# Sinusoidal electromagnetic wave help

1. Nov 19, 2014

### reed2100

1. The problem statement, all variables and given/known data
A sinusoidal electromagnetic wave from a radio station passes perpendicularly through an open window that has area of 0.700m2 . At the window, the electric field of the wave has an rms value 2.30×10−2V/m .

How much energy does this wave carry through the window during a 30.0s commercial?

2. Relevant equations

Intensity = Power/area -> I=P/A

I = E^2 / (2 * μ-naught * speed of light)

Energy = power * time

3. The attempt at a solution

First find I since I am given all values needed ?

I = [ (2.3 * 10^-2 )^2 ] / [ 2 *4π * 10^-7 * 3 * 10^8 ]

I = 7.01 * 10^-7

Power = Intensity * area
Power = 7.01 * 10^-7 * (.7)
Power = 4.91 * 10^-7

Energy = power * time
Energy = 4.91*10^-7 * (30)
Energy = 1.47 * 10^ -5 Joules

That's incorrect and I'm having trouble figuring out where I went wrong, as I used the same approach for a similar problem and it worked. The difference between problems was that I wasn't given an rms value, instead I was just told the magnitude of the field if I remember correctly. I thought the rms was just root mean square and was just another way of expressing an "average" -ish value. Do I need to use μ instead of μ naught because it's in air and technically not vacuum? That would confuse me as well because I did a problem in this vein that involved high energy waves through flesh to eliminate cancer cells, and μ naught worked fine. I wouldn't think the program would suddenly switch it's expectations of what simplifications to use for the sake of the course level. Any and all help is greatly appreciated.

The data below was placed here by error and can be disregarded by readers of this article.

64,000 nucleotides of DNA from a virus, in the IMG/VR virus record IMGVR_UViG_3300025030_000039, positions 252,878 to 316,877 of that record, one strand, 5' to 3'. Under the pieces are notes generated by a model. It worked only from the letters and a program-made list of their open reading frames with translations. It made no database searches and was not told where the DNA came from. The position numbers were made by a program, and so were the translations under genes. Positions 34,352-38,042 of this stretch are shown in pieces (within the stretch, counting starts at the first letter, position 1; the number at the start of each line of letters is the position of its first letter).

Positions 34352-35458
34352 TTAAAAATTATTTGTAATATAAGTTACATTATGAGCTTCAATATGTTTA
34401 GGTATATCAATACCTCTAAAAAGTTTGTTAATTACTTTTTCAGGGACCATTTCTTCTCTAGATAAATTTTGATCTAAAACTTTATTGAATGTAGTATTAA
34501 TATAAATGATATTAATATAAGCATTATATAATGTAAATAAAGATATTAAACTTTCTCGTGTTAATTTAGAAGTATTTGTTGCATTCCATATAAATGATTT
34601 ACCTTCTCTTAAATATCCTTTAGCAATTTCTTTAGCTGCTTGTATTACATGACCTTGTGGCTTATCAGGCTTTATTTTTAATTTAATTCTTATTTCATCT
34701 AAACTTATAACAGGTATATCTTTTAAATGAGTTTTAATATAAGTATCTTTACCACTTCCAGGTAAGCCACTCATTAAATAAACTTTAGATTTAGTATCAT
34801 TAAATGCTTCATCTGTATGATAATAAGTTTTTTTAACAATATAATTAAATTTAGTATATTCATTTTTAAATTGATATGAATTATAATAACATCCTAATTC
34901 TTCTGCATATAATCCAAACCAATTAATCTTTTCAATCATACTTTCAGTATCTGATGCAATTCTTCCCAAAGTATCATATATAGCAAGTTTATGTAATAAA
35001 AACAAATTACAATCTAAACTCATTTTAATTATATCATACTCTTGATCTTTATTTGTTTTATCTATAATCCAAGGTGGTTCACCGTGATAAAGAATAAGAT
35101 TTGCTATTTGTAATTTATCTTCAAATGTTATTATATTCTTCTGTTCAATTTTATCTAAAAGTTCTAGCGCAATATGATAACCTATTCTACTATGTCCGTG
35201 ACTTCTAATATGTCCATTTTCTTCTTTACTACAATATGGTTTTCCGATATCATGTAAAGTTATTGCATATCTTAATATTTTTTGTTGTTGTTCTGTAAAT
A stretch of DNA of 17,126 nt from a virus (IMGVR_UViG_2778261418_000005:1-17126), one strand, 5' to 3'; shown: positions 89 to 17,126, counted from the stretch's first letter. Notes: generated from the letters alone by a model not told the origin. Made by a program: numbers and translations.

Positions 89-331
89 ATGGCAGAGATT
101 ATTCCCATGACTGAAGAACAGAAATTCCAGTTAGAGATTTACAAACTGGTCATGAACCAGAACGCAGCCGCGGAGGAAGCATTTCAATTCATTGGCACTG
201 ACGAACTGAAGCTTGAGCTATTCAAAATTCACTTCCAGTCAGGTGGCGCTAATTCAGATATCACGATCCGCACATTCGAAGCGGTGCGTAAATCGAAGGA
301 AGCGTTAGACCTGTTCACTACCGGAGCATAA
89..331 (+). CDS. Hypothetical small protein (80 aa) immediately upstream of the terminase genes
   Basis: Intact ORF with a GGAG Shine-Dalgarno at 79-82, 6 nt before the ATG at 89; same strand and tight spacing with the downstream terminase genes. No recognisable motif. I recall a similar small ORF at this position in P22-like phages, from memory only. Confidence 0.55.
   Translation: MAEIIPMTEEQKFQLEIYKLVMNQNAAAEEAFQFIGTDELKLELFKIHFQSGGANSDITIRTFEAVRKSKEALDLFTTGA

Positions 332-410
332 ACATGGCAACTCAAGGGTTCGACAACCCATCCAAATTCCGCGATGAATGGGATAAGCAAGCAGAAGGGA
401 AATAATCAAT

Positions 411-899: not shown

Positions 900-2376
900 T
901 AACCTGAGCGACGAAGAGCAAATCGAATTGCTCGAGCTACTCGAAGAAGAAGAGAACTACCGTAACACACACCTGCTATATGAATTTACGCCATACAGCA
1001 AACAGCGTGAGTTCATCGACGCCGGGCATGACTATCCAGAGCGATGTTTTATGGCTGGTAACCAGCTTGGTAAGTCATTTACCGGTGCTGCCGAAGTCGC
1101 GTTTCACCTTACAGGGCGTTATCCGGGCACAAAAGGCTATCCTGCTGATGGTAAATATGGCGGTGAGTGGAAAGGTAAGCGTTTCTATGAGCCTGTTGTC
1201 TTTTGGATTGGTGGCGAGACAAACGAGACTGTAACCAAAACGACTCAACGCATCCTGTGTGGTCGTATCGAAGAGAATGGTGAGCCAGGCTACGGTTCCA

2. Nov 19, 2014

### Staff: Mentor

Did you try converting E to a Peak value from an RMS value before doing your energy calculations? The relationship between RMS and Peak for a sinewave is straightforward.

3. Nov 19, 2014

### reed2100

Ah, that did it. I wasn't aware of the rms to peak necessity, I must have glazed over it in my reading or something. Thank you!